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antique plumb bobs

The plumb bob is one of the oldest tools in the world. The Egyptians used them for building. The key in a building construction is keeping things square to the ground. Perfectly horizontal or vertical as the case may be. The key to the plumb bob is that the point at the end of the bob is directly in line with the string. For example, when building a brick wall, one mounts the plumb bob above the area being bricked so that the point is over a reference point on the ground. This gives the bricklayer a perfect, taut, vertical string to guarantee that the wall of bricks will be all the same distance from the string and hence be vertically straight. On a construction site, taut strings are routinely used as references and are even chalked and snapped against a surface to leave an accurate line. For the last two centuries or so, plumb bobs have been typically made of brass or bronze with a steel tip. The top screws off so that the string can be run through a hole in the center of the top ensuring that the string is aligned with the tip.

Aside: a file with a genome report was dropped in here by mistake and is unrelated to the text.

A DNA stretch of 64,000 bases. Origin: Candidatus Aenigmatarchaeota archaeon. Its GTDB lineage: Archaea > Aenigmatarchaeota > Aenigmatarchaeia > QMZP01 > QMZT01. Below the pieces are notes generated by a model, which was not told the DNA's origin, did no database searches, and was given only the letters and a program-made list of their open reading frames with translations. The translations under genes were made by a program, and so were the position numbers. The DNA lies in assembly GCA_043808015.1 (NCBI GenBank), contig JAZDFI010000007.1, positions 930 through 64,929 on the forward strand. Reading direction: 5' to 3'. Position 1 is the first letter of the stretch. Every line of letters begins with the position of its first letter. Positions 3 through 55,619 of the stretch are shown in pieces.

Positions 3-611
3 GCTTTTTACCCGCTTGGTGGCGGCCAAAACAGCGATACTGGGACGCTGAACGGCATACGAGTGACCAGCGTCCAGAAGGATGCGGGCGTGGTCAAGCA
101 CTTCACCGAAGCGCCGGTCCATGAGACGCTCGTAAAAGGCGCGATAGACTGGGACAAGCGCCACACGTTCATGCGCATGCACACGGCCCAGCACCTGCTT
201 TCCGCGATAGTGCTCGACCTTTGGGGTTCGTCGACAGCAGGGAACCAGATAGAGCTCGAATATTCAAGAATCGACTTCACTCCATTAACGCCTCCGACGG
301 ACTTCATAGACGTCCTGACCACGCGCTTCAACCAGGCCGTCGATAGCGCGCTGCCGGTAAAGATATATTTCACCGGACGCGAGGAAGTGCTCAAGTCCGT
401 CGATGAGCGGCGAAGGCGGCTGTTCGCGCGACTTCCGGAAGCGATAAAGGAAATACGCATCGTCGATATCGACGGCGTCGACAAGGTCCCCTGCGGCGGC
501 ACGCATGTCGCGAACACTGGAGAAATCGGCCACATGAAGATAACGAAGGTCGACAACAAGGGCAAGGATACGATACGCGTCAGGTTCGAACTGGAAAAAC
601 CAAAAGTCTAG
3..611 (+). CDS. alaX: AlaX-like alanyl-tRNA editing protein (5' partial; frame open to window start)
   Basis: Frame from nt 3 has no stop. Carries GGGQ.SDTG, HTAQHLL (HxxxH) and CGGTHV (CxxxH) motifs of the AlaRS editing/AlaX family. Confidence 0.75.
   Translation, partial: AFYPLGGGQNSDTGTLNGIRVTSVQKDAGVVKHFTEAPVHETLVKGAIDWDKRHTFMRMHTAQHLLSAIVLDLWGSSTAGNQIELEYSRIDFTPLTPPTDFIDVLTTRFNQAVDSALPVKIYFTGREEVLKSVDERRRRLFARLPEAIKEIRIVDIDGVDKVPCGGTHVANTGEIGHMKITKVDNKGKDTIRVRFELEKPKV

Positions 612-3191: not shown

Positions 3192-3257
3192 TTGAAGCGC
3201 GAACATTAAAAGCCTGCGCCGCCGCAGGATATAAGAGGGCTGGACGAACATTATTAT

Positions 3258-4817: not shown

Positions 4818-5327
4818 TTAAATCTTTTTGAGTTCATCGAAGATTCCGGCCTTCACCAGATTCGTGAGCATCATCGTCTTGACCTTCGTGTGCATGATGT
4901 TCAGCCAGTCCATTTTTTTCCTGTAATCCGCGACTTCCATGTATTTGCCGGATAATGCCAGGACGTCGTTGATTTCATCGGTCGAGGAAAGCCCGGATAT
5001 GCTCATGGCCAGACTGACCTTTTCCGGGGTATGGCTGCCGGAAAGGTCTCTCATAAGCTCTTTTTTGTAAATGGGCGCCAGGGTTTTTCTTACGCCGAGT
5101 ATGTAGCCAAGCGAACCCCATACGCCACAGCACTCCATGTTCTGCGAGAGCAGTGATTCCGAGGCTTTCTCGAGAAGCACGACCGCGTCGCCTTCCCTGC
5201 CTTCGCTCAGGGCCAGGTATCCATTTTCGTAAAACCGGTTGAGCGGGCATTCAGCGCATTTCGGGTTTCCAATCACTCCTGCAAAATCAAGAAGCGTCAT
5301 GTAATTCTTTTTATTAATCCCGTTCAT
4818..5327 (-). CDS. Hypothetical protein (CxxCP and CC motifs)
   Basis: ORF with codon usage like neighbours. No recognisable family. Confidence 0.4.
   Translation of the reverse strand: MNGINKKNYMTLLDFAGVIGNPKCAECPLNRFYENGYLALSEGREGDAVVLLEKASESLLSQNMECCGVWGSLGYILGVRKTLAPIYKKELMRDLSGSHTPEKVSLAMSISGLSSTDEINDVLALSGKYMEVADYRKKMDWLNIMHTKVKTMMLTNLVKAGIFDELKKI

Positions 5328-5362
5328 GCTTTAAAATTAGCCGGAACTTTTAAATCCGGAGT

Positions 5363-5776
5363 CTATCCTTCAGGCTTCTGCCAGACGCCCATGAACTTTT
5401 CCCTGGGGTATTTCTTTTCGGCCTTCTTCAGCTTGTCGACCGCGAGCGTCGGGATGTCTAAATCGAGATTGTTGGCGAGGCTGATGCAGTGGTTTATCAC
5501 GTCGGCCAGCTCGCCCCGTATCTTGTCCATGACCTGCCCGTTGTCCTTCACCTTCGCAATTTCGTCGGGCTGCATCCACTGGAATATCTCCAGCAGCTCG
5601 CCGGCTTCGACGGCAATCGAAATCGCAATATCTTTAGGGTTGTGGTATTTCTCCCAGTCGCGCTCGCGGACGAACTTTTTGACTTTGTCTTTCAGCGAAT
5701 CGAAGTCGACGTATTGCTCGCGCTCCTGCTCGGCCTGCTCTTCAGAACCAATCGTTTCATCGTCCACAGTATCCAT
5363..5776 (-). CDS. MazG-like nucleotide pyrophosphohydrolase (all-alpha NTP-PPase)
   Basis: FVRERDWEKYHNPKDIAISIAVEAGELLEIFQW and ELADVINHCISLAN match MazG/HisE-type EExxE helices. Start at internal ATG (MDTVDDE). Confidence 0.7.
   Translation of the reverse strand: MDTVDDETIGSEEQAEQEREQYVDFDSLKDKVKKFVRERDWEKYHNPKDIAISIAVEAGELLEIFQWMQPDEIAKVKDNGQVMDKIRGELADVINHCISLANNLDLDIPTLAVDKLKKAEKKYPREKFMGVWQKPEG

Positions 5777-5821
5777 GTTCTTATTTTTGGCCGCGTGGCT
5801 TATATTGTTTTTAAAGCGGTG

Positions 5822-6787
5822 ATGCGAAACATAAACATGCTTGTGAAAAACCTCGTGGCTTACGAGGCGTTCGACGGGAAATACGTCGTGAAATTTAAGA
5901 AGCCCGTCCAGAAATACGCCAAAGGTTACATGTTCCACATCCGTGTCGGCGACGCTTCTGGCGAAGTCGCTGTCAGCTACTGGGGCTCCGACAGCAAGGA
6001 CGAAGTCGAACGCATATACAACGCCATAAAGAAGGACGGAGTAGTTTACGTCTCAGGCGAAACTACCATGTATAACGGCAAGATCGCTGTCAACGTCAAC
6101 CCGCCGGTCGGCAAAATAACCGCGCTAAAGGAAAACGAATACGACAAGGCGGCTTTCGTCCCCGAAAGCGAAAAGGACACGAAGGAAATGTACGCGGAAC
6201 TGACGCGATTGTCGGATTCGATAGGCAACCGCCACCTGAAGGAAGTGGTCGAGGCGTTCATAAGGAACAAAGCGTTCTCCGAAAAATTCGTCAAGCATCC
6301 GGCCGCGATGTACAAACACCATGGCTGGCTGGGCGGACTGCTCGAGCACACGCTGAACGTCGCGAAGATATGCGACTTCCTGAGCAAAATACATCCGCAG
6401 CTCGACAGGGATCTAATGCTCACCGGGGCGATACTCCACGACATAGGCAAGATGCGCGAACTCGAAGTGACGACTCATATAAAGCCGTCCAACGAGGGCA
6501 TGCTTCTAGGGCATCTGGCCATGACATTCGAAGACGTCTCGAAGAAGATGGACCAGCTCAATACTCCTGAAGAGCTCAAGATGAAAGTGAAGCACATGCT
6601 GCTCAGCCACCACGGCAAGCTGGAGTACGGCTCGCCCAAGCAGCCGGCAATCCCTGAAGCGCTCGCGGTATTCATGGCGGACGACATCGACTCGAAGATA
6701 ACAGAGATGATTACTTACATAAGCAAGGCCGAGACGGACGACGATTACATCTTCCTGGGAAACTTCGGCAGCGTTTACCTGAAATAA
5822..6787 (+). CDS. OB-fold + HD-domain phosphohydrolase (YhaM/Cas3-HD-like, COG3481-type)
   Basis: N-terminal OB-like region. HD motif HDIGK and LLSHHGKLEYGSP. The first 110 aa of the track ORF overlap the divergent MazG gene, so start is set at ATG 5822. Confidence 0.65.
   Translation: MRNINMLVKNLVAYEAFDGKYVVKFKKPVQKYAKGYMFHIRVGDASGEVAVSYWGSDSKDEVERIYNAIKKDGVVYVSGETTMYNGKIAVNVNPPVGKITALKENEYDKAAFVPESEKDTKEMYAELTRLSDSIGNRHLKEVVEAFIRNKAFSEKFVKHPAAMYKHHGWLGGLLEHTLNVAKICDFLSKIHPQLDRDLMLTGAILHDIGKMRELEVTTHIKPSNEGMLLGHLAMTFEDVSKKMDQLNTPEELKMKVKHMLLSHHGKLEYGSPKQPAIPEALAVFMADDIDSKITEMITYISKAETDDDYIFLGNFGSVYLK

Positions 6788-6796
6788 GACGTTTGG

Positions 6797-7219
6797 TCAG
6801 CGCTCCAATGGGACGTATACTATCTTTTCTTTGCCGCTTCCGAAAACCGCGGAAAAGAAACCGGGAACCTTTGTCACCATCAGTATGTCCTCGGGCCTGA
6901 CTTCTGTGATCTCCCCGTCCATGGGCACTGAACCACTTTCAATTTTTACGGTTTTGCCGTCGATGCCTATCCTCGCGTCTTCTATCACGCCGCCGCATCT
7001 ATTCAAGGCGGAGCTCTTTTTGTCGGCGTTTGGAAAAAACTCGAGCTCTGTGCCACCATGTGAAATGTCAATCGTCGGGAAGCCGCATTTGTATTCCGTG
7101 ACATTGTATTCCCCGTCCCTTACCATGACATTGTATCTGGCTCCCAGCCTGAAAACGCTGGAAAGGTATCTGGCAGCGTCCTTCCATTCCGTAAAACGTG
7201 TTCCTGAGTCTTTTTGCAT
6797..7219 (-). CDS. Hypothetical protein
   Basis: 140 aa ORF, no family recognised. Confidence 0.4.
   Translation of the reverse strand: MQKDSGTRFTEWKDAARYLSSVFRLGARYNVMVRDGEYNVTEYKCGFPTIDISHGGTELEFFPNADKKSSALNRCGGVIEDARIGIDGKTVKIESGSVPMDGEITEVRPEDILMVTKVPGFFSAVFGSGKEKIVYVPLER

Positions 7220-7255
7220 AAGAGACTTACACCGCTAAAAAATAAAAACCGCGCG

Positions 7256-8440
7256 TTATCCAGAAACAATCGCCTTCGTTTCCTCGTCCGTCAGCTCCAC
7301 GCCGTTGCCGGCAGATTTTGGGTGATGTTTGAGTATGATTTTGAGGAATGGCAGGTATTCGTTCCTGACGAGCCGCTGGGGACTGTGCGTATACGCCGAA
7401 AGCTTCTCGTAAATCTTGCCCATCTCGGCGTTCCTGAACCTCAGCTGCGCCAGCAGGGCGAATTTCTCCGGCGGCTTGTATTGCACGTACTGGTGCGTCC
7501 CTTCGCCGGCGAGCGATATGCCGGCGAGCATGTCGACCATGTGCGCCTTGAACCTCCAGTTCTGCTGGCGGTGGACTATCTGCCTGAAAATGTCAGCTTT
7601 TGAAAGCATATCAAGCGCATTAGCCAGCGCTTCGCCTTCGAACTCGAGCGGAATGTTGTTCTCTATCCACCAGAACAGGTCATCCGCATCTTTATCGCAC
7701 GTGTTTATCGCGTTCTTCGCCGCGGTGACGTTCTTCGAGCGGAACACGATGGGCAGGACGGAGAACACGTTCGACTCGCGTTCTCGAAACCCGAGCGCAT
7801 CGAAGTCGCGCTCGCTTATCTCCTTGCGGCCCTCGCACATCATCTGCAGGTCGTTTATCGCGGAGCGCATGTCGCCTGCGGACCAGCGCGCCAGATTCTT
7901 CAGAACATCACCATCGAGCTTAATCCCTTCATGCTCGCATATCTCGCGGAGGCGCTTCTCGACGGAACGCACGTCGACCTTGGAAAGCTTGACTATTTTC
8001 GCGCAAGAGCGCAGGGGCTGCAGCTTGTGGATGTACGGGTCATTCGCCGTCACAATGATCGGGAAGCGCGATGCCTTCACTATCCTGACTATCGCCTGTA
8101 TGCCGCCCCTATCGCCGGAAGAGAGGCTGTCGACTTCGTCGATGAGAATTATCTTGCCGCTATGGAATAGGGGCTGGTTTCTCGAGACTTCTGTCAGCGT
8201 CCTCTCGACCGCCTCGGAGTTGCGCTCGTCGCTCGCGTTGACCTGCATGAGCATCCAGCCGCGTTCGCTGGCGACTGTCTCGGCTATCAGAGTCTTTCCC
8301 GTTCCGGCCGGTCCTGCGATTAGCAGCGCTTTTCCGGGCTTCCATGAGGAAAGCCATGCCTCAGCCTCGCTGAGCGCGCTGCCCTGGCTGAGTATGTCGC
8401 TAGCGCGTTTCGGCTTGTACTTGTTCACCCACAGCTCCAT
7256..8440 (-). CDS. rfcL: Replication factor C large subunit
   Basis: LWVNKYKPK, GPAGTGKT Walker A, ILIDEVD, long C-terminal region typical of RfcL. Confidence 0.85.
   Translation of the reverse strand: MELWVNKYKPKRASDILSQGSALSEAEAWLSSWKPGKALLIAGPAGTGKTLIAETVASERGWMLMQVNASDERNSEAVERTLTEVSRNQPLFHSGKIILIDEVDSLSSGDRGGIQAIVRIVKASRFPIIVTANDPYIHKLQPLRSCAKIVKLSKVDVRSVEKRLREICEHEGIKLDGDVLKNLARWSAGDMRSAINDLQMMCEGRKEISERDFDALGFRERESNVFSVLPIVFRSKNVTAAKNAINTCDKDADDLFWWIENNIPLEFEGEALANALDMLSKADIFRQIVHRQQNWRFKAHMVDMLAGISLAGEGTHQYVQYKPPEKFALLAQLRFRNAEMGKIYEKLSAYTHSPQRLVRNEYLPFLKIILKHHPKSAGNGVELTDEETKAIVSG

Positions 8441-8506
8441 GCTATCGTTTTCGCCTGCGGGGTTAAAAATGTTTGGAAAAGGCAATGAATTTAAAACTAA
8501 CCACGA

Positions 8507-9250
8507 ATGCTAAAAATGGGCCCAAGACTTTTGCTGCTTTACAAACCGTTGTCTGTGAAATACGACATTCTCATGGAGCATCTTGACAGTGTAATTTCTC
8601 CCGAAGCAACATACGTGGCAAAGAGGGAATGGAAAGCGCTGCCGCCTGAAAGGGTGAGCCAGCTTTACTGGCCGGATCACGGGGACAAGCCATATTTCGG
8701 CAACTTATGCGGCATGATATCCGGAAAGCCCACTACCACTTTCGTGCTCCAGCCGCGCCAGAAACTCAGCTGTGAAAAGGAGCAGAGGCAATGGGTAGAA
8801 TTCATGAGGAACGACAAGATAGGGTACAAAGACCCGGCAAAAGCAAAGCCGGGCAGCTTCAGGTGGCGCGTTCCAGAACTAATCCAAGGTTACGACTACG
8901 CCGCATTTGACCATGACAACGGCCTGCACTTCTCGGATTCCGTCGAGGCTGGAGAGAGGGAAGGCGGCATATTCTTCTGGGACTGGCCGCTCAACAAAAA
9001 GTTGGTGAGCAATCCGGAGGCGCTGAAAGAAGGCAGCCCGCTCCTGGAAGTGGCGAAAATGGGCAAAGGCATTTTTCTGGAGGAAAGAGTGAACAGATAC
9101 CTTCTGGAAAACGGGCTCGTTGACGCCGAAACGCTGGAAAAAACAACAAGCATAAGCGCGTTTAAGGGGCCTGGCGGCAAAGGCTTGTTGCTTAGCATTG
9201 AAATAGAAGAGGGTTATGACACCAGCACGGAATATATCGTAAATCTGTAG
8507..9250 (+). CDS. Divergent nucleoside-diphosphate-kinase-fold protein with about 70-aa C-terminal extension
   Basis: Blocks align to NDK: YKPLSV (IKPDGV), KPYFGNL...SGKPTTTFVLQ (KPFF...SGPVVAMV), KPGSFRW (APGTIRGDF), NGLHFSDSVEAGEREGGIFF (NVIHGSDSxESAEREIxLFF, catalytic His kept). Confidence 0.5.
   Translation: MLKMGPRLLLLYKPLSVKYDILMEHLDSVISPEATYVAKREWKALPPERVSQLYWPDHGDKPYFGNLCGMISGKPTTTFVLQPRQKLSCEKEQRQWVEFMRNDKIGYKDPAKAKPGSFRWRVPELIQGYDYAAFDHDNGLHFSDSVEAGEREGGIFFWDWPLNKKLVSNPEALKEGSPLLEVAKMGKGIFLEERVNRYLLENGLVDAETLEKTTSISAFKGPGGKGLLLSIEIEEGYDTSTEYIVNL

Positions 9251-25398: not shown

plumb-bob or a plummet is a weight, usually with a pointed tip on the bottom, that is suspended from a string and used as a vertical reference line, or plumb-line. It is essentially the y-axisequivalent of a "water level".

The instrument has been used since at least the time of ancient Egypt[1] to ensure that constructions are "plumb", or vertical. It is also used in surveying to establish the nadir with respect to gravity of a point in space. They are used with a variety of instruments (including levels, theodolites, and steel tapes) to set the instrument exactly over a fixed survey marker, or to transcribe positions onto the ground for placing a marker.[2]  [Source]

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